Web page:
What is Breast Density?

A woman’s breast is primarily made up of fat and fibroglandular breast tissue, which is the network of milk glands and ducts designed to produce and transport milk to the nipple for breast feeding. Fibrous tissue, also known as connective tissue, supports the breast and holds everything in place.

When performing a mammogram, breast specialists are taking an X-ray of a 3D organ, the breast, and transforming it into a two dimensional image that can be displayed on film or a video monitor. All women have varying amounts of fatty and fibroglandular breast tissues in their breasts, and that will change how the mammogram looks, from person to person.

Breast density is the ratio of dense tissue to the total volume of the breast:

  • High breast density means there is a greater amount of fibroglandular breast tissue compared to fat.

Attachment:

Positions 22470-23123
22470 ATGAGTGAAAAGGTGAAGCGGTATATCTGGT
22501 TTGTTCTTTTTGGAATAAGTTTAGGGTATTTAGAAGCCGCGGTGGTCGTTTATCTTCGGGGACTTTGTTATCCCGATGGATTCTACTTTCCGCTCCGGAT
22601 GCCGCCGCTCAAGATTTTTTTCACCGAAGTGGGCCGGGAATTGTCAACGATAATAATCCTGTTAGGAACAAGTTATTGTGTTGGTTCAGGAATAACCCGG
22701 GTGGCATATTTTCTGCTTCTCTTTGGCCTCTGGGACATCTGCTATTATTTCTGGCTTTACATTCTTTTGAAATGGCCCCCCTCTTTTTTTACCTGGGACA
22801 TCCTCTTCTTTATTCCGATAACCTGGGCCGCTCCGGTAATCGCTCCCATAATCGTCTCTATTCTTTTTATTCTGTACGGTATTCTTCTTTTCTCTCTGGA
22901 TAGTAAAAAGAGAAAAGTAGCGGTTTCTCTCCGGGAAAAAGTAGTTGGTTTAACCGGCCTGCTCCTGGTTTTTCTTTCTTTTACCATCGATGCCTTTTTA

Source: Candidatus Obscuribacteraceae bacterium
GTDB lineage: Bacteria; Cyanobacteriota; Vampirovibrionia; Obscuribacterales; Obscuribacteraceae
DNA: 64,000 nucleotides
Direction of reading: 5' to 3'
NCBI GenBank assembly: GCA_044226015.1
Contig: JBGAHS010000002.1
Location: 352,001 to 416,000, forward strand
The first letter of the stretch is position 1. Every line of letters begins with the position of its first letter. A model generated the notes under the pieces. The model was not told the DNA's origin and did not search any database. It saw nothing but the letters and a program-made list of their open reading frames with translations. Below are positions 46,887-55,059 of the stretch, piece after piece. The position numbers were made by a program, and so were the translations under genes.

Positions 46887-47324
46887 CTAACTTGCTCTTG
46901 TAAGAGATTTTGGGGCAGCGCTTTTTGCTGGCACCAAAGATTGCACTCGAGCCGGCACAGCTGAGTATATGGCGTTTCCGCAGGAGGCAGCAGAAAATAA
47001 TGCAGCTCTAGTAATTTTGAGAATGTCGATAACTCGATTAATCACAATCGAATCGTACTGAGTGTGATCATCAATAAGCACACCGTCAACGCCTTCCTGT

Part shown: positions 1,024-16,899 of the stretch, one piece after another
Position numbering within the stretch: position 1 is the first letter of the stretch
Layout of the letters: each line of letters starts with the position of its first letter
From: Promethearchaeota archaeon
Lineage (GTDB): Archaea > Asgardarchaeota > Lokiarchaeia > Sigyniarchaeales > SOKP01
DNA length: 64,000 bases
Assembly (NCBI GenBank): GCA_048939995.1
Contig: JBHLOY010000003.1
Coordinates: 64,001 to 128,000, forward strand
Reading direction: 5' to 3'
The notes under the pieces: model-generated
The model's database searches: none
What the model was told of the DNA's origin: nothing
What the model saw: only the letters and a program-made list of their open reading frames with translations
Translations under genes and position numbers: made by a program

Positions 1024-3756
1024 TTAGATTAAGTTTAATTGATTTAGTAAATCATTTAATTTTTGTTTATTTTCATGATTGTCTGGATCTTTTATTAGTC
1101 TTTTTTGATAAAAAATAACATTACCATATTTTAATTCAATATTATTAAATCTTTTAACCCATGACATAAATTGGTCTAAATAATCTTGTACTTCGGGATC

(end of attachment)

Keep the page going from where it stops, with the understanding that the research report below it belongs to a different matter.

• Low breast density means there is a greater amount of fat compared to fibroglandular breast tissue.

This is important because on a mammogram, fat in the breast looks dark and the denser fibroglandular breast tissue looks light gray or white. Cancer can also appear white on a mammogram, which makes it is harder to interpret mammograms in women with dense breasts. This results in a decrease in the sensitivity of the mammogram, which may impact early detection in women with dense breasts. According to research, 35 percent of breast cancer goes undetected by mammography in women with dense breasts, as density masks the appearance of tumors.

Example Mammogram with Dense and Fatty Tissue

Fatty tissue appears darker than dense tissue in mammograms as they block less x-rays.











Breast density changes throughout a woman’s life with most studies showing breast density decreasing with age, but it is also known to be influenced by other factors such as genetics, body mass index, monthly hormonal cycles, age at first childbirth, and use of post-menopausal hormone replacement.
In this video, Jean Weigert, MD, FACR, director of Breast Imaging at The Hospital of Central Connecticut, explains breast density and how it affects radiologists’ ability to detect cancers in mammography.

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